Sunday, March 20, 2011

Rockaway Boardwalk Bites of Yore

Above: Concession stand at Beach 106th Street circa 1940. See more here and here.

Knishes
During the 50s and 60s, there was a wildly popular spot on the boardwalk near 35th Street called Jerry's Knishes, specializing in potato and cherry-cheese varieties. Jerry moved to Florida, but according to this account one of the knish makers went on to start a wholesale business, McBride's Heavenly Knishes in Baldwin NY, half an hour away.

Crab Broils

At 0:38 in this video, there looks to be a “Crab Broil” concession next to Jerry’s.


Rice Cups

Tuck’s, aka Tuckee Cup, sold another wildly popular dish, chow mein in a cup, on the boardwalk at 34th Street.

According to one account, the Lee family changed the name to Takee Cup when vandals kept changing name to Fuckee

A former customer remembers it was a cup made out of rice that was fried to the shape of a cup and then they would put steamed rice and chop suey in it. You would eat the insides and then eat the cup it came in too.” Another customer recalls: "It was chow mein in a cup made of pressed noodles that cost $1.25 back in the 50's. So you would eat the stuff out of it with a wooden fork they gave you, and then when you were finished you would eat the cup.''

On-On Kitchen across from St. Mary's Church in Far Rockaway sold Styrofoam rice cups. On a Facebook fan page, one person says it was “best when they filled the cup with 1/2 rice, 1/2 magic orange sauce.” A former employee thinks the orange sauce was sweet and sour. Another person says that Empire Wok @ 114-07 Beach Channel Drive serves something similar (see photo), aka “rice with red gravy.” Some say it “tastes damn close to what I remember at On-On,” though others disagree.

Chow Mein Sandwiches, Virginia Ham Sandwiches, and Fried Potato Wedges

At 97th and boardwalk, Nikko's sold chow mein as well as Virginia ham sandwiches. According to this account, Nikko's served the chow mein on hamburger rolls, with crunchy noodles and soy sauce, and also served fried potato wedges. A couple of blocks away on Rockaway Beach Boulevard was Henry’s Famous Chow Mein Sandwiches.


Frozen Custard

As you can see in the 1938 photograph above, Kohr Bros. frozen custard was next to Nikko's near 97th Street. Over on Rockaway Beach Boulevard near 97th Street was Auer's, another frozen custard stand established in 1939.


Jelly Apples and Malted Milk

In between Nikko’s and Kohr Bros. was Weise’s Candy Store.


Martin’s Potato Roll Hamburgers


According to this awesome history of Irish Town pubs and restaurants, "A small Navy plane crashed into Martin’s [on Shore Front Parkway, shown above in 1958] killing 2 crew members in May 1946. Martin had another restaurant on the corner of B. 98th St. and Rockaway Beach Blvd."


Dugan’s Cupcakes

A Dugan’s cupcake truck like this one used to come around. The company is now defunct, but you can find a recipe for their cupcakes at this tribute site.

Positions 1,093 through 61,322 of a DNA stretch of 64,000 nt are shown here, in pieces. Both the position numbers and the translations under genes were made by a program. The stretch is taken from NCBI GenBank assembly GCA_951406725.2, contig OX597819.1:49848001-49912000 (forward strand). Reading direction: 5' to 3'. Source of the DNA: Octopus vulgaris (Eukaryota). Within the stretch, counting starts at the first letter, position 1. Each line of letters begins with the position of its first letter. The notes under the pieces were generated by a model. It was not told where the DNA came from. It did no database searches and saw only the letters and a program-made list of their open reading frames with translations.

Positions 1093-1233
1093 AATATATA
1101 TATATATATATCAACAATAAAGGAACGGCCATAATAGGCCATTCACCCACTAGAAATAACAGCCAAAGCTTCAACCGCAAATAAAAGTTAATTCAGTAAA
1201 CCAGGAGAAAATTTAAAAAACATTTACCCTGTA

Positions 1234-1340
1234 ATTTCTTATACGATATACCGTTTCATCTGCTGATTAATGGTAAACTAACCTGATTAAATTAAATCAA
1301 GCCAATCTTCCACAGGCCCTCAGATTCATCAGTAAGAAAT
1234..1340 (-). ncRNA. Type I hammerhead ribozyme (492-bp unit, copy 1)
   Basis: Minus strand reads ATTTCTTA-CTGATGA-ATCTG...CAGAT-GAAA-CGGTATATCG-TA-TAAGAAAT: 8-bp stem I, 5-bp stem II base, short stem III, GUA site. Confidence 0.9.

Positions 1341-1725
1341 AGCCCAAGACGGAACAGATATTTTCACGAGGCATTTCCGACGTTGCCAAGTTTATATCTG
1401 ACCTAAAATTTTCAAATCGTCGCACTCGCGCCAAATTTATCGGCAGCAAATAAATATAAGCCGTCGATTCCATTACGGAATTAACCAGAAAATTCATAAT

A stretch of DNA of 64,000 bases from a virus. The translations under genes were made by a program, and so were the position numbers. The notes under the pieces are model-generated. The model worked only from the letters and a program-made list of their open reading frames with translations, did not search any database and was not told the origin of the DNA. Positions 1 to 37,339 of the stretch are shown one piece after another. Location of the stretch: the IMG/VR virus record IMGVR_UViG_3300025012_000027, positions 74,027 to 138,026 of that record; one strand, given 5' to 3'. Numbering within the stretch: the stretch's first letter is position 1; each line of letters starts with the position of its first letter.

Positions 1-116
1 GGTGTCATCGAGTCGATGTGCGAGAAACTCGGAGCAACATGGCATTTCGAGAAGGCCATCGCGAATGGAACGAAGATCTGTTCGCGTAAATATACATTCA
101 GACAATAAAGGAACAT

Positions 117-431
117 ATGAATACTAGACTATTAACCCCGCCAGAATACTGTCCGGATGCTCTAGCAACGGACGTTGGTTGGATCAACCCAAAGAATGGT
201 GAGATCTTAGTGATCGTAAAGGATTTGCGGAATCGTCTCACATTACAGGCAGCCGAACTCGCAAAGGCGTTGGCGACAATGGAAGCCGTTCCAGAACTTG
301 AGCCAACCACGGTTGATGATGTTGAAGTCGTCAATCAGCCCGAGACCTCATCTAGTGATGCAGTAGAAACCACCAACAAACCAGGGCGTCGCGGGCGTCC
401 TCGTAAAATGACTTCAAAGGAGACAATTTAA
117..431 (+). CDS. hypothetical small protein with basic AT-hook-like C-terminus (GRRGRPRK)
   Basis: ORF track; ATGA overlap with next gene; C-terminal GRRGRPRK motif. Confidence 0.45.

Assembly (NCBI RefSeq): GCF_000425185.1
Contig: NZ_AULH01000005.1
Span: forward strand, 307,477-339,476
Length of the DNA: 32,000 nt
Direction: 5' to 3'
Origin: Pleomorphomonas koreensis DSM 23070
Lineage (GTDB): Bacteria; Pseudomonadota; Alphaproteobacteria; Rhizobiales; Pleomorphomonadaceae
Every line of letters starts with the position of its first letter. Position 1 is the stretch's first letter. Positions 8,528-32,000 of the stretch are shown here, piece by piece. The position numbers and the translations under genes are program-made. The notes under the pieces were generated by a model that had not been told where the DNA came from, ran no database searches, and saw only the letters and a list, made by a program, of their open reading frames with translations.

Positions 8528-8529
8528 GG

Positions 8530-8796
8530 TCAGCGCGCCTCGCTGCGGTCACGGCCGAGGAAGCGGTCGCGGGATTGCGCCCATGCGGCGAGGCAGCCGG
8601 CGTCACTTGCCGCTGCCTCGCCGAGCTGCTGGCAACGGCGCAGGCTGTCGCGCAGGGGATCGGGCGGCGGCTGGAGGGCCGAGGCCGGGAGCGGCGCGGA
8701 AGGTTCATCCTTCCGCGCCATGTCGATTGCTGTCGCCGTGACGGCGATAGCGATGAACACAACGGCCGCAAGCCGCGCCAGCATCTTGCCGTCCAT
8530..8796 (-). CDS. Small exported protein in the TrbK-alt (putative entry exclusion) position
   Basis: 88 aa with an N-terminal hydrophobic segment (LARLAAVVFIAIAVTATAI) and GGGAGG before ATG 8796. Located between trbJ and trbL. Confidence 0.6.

Fudgie Wudgies

According to this account, these fudgesicles were sold by “the guy with the long arms on the beach who sold stuff from paper bags with dry ice.” A recipe here


Ice Cream

There were Carvel stands on 32nd and 34th, according to someone who says he worked as a “moonshine slurp.”


Hot Dogs, etc.

Next to Jerry's was Sam's Bar and Grille, which operated on the boardwalk from 1939 to 1969.


Pizza and Fresh Fruit Ices

Sally & Larry’s Pizza was on the boardwalk in the 50s and 60s, around 32nd Street. According to one account, “Near Sally's was the fresh lemon and orange ice stand with the fruit stacked against the wall [possibly the Porcella Brothers]. The ices even contained pits. No artificial coloring or corn syrup in those ices.”


Coffee

Coffeerama was coffee stand on the boardwalk, circa 1961.




5 Comments:

At March 22, 2011 at 2:43 PM , Blogger Chiqui said...

Pizza and Fresh Fruit Ices...Yummy. Great post!

 
At March 23, 2011 at 7:58 AM , Blogger marty said...

This was a great post, are you going to do more, or is this a one-time blog? I hope you continue, it's—dare I say—a shore thing!

 
At August 11, 2015 at 10:35 PM , Blogger andrea chiu said...


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At September 8, 2015 at 5:45 PM , Blogger God Humor Guy said...

As a summer resident of Rockaway Beach in the late 50's and early 60's (and a Good Humor salesman in '62 and '63, I can state with "absolute certainty" that the Tuckee Cup was made of a chow mein noodle substance and filled with rice and chow mein. of course, one would eat the cup afterwards (since one did not skip any source of food in those days. For that same reason, Jerry's Knishes were small and not a great value as compared to other offerings.

 
At May 2, 2017 at 10:16 PM , Blogger Rodin New York said...

the only photo I can find of Jerry's...I dream about having one of those knishes again. 25 cents....considered a lot of money to me then.

 

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